Setting her designs on reviving iconic Irish garment

Hot on the heels of her appearance at a major international trade show last week, EMMA CONNOLLY chats to Oysterhaven based Emma Quinn, who has designed modern smocks which are attracting attention at home and abroad
Setting her designs on reviving iconic Irish garment
Emma Quinn. Picture Adrian Neville

A BUSY mum-of-three has just launched her range of Irish smocks — and has already had interest from as far away as Japan.

Born in the US, Emma Quinn lives in Oysterhaven, near Kinsale, having grown up in the UK and Australia.

Her background is sales and marketing, and more recently interiors when she had her own furniture importing business. However, she always wanted more ownership of a business and was inspired to make the dramatic switch to the world of fashion through a combination of Irish weather and a busy family life — both of which, she feels, suited themselves to a smock!

Traditionally the smock is an Irish-inspired garment, but Emma said of late she could only find those made elsewhere and so spotted a gap in the market and went for it.

Describing herself as a ‘wild Atlantic woman’, she said she took inspiration from her surroundings and started out a few months back by creating a pattern and putting her signature twist on the iconic Irish garment.

Her interpretation is more shapely and has a collar, which, combined, she insists makes it something that could be worn out to dinner as easily as it could be on the school run.

The smock, she said, is all about bridging the gap: “It’s the wardrobe staple that is there for you when there’s no time to over-think.”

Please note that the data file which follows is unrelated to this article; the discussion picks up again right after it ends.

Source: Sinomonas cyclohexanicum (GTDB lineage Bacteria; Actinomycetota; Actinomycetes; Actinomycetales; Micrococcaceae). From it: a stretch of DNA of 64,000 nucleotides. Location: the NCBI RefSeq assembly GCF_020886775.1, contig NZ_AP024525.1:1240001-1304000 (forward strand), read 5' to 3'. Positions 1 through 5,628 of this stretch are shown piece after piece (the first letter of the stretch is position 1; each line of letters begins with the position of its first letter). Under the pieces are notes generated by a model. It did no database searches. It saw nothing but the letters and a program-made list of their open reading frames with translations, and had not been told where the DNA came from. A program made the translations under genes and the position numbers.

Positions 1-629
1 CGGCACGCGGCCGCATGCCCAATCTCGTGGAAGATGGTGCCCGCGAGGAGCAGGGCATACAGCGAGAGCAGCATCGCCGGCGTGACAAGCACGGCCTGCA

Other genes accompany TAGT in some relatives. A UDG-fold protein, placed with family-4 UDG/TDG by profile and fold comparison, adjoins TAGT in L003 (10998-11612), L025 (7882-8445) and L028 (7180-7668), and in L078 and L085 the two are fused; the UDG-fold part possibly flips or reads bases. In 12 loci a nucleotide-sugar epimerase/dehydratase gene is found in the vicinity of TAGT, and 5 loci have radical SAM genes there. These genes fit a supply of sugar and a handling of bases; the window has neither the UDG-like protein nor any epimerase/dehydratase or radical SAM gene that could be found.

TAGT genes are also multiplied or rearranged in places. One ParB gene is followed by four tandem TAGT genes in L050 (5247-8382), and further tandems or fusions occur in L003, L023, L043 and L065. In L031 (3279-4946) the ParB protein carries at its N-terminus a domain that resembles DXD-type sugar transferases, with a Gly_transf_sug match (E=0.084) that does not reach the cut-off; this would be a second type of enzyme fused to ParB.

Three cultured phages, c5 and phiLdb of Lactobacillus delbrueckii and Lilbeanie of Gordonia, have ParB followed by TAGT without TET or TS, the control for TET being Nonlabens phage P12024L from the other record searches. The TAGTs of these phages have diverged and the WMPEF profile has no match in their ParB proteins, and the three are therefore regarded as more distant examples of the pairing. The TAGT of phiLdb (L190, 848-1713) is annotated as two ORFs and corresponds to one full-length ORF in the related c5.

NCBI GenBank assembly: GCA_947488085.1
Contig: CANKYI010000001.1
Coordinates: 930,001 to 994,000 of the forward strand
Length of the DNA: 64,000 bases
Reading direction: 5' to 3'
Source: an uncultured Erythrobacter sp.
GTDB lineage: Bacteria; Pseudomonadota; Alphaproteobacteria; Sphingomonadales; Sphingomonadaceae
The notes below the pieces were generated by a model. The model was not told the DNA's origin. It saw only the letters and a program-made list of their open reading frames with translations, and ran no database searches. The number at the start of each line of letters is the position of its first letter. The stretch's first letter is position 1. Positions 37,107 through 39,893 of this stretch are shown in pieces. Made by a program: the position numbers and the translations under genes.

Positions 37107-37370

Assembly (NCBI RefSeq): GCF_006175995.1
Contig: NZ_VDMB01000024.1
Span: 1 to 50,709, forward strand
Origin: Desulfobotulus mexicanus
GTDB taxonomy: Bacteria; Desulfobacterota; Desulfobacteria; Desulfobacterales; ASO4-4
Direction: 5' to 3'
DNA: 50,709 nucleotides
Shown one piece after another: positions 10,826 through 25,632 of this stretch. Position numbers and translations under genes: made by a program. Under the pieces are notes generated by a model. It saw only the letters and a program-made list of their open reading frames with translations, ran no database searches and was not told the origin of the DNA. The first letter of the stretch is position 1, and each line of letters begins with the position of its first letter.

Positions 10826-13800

Emma Quinn's smocks. Picture: Adrian Neville
Emma Quinn's smocks. Picture: Adrian Neville

Initially, she had her creations, which she’s called the Iris Valentine Smock, made locally.

“But it quickly became clear that that wasn’t going to be viable so to keep prices commercial and realistic they’re now made in a European factory. That’s actually the only sad part of my experience so far and highlights that there’s not a lot of Irish manufacturing going on. It would be ideal to bring that back at some point,” she said.

She currently makes a light weight denim style in a variety of colours, which costs €110, as well as a Magee tweed from Donegal, which is made to order and costs €280. They all come in S, M, L and XL.

The smocks made their official debut at the trade show, Showcase 2019, at the RDS, last week where she had interest from buyers in Germany, Italy and even Japan.

Getting this far, and so quickly, is quite the achievement. But Emma is emphatic in her praise for the local Enterprise Board for all their support.

“It’s one thing to have an idea, but another thing entirely to get it over the line. Their mentoring was a wonderful help as well as their grant aid, which allowed me to get to the trade show where I had mentors with me all the time to help me along the way,” she said.

“Starting up, it’s as much about the process as it is the product and once you learn the process you can see the potential for lots of possibilities and that’s really where the Enterprise Board came in to get this over the line.”

Recently becoming a single mother, her children are aged 11, 9, and 5, and the family includes two dogs and a cat. Emma said: “Living on the Wild Atlantic Way, I’m exposed to the elements and just like life events, you can’t control them but it’s how you deal with them.”

That’s about looking to the future with positivity, as she already has plans for expansion, which include a smock dress and smocks for kids.

Looks like the smock might be a game-changer for us all.

Currently available in Monorail in the Winthrop Street Arcade and Granny’s Bottom Drawer in Kinsale.

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